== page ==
When I don't take the book he offers, he blinks again. "I'm sorry," he repeats, so soft now I'm not sure that's really what he said.
"The books are here for you to look at."
"I didn't mean to do it," he mumbles, reaching for a piece of paper lying half-tucked under the closest shelf. He shoves it in my direction, but keeps his head tucked against his chest.
I see it's a page out of the book, and shake my head, "You're upset because this page came loose?"
He nods as he stares at the floor, "I tore it when I was turning the pages." The eyes that finally rise to meet mine are guilt-ridden.
Letting out a relieved breath, I confide, "Sweetie, that page was already loose – it was about to fall out when I was reading earlier. I promise you, it's not your fault."
He looks up at me, blinking. "Honest?"
I nod, "Honest."
He looks down at the book he's still clutching, touching the cover illustration almost reverently.
"You're not mad?"
I shake my head, "I'm not mad at all. I appreciate that you told me, though. I'll make sure I tape the page in so it won't fall out the next time someone looks through it."
He looks up through his bangs, but doesn't say anything.
"I saw you listening during story time. I hoped I'd see you again, so that I could invite you to join us tomorrow, if you'd like to come."
"Mmm-hmm. More Robin Hood tomorrow. Would you like that?"
He nods without lifting his head.
I offer, "My name is Mrs. Hart – Megan Hart. What's your name?"
When he lifts his face this time, I study it more closely. He's tanned from being out in the sun, and he's got a little dirt smudged across one cheek. The sun-streaked blond hair looks like he's been the victim of an uneven home trim some time ago, with overgrown bangs spilling into his eyes.
He's studying me, too. Those remarkable blue-grey eyes assess me, and I find myself wondering what they find.
I grin a little, "How about just a first name?"
He seems to think about responding, but decides against it.
"Okay. We'll come back to names. Do you live near here?" I ask.
He nods his head again, but returns his eyes to the book.
"Who takes care of you?"
"My mom." He anticipates my next question, peering up at me from underneath his bangs, "She said I could come," he tells me, adding, "She said there'd be a lot of books here to look at, if I was careful with them."
"She's right," I answer, making a mental note to thank this child's mother for steering him toward the library. His eyes tell me he's still worried about the torn page. "And I'll tell her how careful you were so she'll let you come back. Okay?"
He nods, looking around at the stacks which surround us, eyeing the books hungrily. "I wish I could read all these books," he says, "But I don't know all the words."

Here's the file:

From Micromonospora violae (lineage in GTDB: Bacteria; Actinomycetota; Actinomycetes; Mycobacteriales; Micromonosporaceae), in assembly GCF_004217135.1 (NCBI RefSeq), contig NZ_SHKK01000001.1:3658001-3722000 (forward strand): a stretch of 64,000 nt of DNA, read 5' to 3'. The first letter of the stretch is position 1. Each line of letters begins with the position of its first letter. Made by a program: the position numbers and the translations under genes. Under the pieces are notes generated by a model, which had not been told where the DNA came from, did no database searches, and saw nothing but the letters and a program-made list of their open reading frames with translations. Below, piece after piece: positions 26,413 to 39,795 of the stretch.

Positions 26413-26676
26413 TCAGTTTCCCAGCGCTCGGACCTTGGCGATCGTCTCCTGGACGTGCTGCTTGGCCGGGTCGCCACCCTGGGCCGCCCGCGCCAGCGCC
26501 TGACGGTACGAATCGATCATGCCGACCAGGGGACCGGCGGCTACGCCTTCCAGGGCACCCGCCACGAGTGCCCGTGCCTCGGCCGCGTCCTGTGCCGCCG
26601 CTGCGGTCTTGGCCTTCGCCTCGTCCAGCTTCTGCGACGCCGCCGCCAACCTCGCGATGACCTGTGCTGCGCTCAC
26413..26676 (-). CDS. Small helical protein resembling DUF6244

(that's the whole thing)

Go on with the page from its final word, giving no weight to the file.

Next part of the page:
"You'll learn," I promise, smiling.
"Really?" his eyes are eager, like I'm offering him a room full of candy.
I am inordinately pleased when he smiles shyly.
Encouraged, I lean toward him, "So, you never told me your name."
His smile disappears, as he ducks his head once more.
Not willing to give up, I tease, "I think I'll call you 'Little John'".
His eyes are suddenly fiery as he looks up and me and snaps, "I'm not little!"
Oops. "I didn't mean it like that. Little John was one of Robin Hood's bravest, strongest men. Besides, Little John was actually very big."
His voice is loaded with skepticism as he asks, "How big?"
"Want to see?"
I reach out, and take the book from his hands. He relinquishes it like I might relinquish the Hope diamond – more than a little reluctantly. I carefully turn to an illustration which shows Robin and Little John fighting with staffs over a stream.
"See them here, on the footbridge?" I say, turning the book so he can see it better and pointing to the page.
He seems to forget his shyness, overcome by curiosity. He crawls out of the corner, and squeezes up next to me. He sticks an index finger next to Little John, and looks up, his eyes asking me for confirmation.
"That's Little John, alright. See? He's almost twice as big as Robin Hood."
I look down at my nameless friend, and notice that he's skipped ahead to the next illustration, where Little John is sitting in the water, having been defeated by the smaller man.
"Sometimes being quick is better than being big," I point out.
"Yeah, but most times it's not," he counters flatly. "I'm going to be tall and super strong when I'm older. But I'm still going to be quick," he adds.
"How old are you now?"
Up close, his body seems too small for seven, I think.
His attention is back on the book. "How old is Little John?"
"How old do you think he is?"
"Old." He scrunches up his face, before he adds, "Maybe seventeen."
I try not to sputter as I realize that at thirty-one I must seem positively ancient to this child.
"Seventeen is 'old'?" I ask, intrigued as always by the relativity of age.
He nods, "Yeah. That's how old Julio is, and he's finished school and works at Volvano's Restaurant with my mom. He's really tall and he's got big muscles – no one messes with Julio, ever."
I raise my eyebrows, "So, you'll be tall, strong, and quick when you're seventeen?" I don't add in the part about 'so no one messes with you', even though I'm thinking that's an important piece of what the boy's saying.